The 5 Questions That Agents HOPE Sellers WON’T
Thinking of selling your house?
You'll probably interview one
or more agents. You'll have them out to your house, receive their opinion of
value, and talk about market conditions. Among these agents may be your next
door neighbor, your sister's best friend, or some other family acquaintance, who
just happens to have a real estate license.
Before you sign a listing
contract with anyone, you should ask the following important questions. This
list grew out of an informal survey in which Sellers and Agents identified those
areas that caused the most friction or problems in their relationship. By having
the answers to these questions up front, you can avoid misunderstandings, save
yourself some grief and aggravation, and make certain that what you get from
your agent is the same as what you expected.
Warning: When first
asking these questions, you might encounter "the squirm." Some agents may not be
prepared to answer such straightforward inquiries. Don't be uncomfortable. As a
seller you have every right to know these things, and any professional agent
should be happy to provide you with the answers.
- Are you a full time professional, or do you have another job besides selling
real estate? Many, many people sell real estate "part time". While this is no
crime, it's no great virtue, either. In most cases, a family’s home represents a
substantial portion of their financial assets. Such an important matter deserves
to be entrusted to a full time agent.
- Do you have a specific marketing plan for my house, and will you commit to
it in writing? Find out, ahead of time, exactly what your agent will or will not
do to sell your house. Does the agent's plan include featuring your home on the
Internet, as well as aggressively marketing the property in your local area? The
real reason for asking this question is to make certain that your agent
definitely has a plan, and is not ‘shooting from the hip’.
- Who determines how much money will be spent on advertising my home, and what
is that figure? If seeing your house in print every week is important to you,
then ask - up front - if your agent makes those decisions. In many cases, the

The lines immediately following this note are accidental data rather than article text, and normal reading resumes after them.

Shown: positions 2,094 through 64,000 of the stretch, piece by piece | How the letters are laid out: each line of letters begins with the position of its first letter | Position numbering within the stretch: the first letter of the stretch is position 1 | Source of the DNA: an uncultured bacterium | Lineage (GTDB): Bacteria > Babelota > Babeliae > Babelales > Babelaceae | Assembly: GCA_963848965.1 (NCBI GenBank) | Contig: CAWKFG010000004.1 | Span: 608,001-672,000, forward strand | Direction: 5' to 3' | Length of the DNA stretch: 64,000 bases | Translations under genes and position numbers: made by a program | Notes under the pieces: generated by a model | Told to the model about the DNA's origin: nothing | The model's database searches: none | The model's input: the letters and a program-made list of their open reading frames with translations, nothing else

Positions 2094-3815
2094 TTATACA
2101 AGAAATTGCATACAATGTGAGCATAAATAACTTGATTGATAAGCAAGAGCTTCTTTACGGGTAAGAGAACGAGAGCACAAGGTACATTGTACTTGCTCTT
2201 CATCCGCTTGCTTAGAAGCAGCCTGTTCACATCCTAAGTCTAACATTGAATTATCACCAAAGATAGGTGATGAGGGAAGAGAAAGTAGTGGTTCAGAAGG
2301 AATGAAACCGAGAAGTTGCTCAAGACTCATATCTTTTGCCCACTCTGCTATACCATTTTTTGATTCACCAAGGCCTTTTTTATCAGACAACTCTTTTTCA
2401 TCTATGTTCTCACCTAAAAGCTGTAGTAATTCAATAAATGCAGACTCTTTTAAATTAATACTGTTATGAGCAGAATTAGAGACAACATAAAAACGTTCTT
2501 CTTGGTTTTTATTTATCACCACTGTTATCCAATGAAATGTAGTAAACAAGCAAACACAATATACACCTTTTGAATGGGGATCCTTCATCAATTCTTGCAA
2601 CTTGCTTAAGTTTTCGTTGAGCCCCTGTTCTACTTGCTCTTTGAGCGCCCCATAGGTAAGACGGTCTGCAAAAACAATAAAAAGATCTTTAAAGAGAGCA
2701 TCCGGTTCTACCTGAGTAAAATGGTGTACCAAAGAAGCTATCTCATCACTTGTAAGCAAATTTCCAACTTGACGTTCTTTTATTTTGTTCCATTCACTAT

owner/manager decides which properties are advertised. If this is so, then your
home may only be featured sporadically, if at all. While most experts agree that
the amount of time a house is on the market is not directly related to the
number of times the home appears in ads, you should still have a fair idea of
the type and number of ads you can expect.
- What financial resources or connections do you have for assisting marginal
or unusual buyers? While all sellers want buyers with whistle clean credit and a
20% down payment, experience shows that many viable buyers do not fall into that
category. Find out if your agent is knowledgeable, and prepared, to work with
all buyers, whether AAA or marginal. This is just one of the areas where sellers
will find experienced, full time agents much more knowledgeable than beginners
- Do you have letters of recommendation from past clients, and may I call
them? Get the references and make the calls. One of the best ways to discover
how someone will perform in the future is to investigate how they have acted in
Including this short list of questions in your
initial interview with a real estate agent can be an eye-opener. The purpose of
raising these issues, however, is not to embarrass the real estate agent, but
rather is to make absolutely certain that you, as the seller, understand the
qualifications and strengths of the person you are retaining for the important
job of selling your home. Hopefully, the answers given will raise your comfort
level with the agent, and contribute to a profitable and enjoyable real estate
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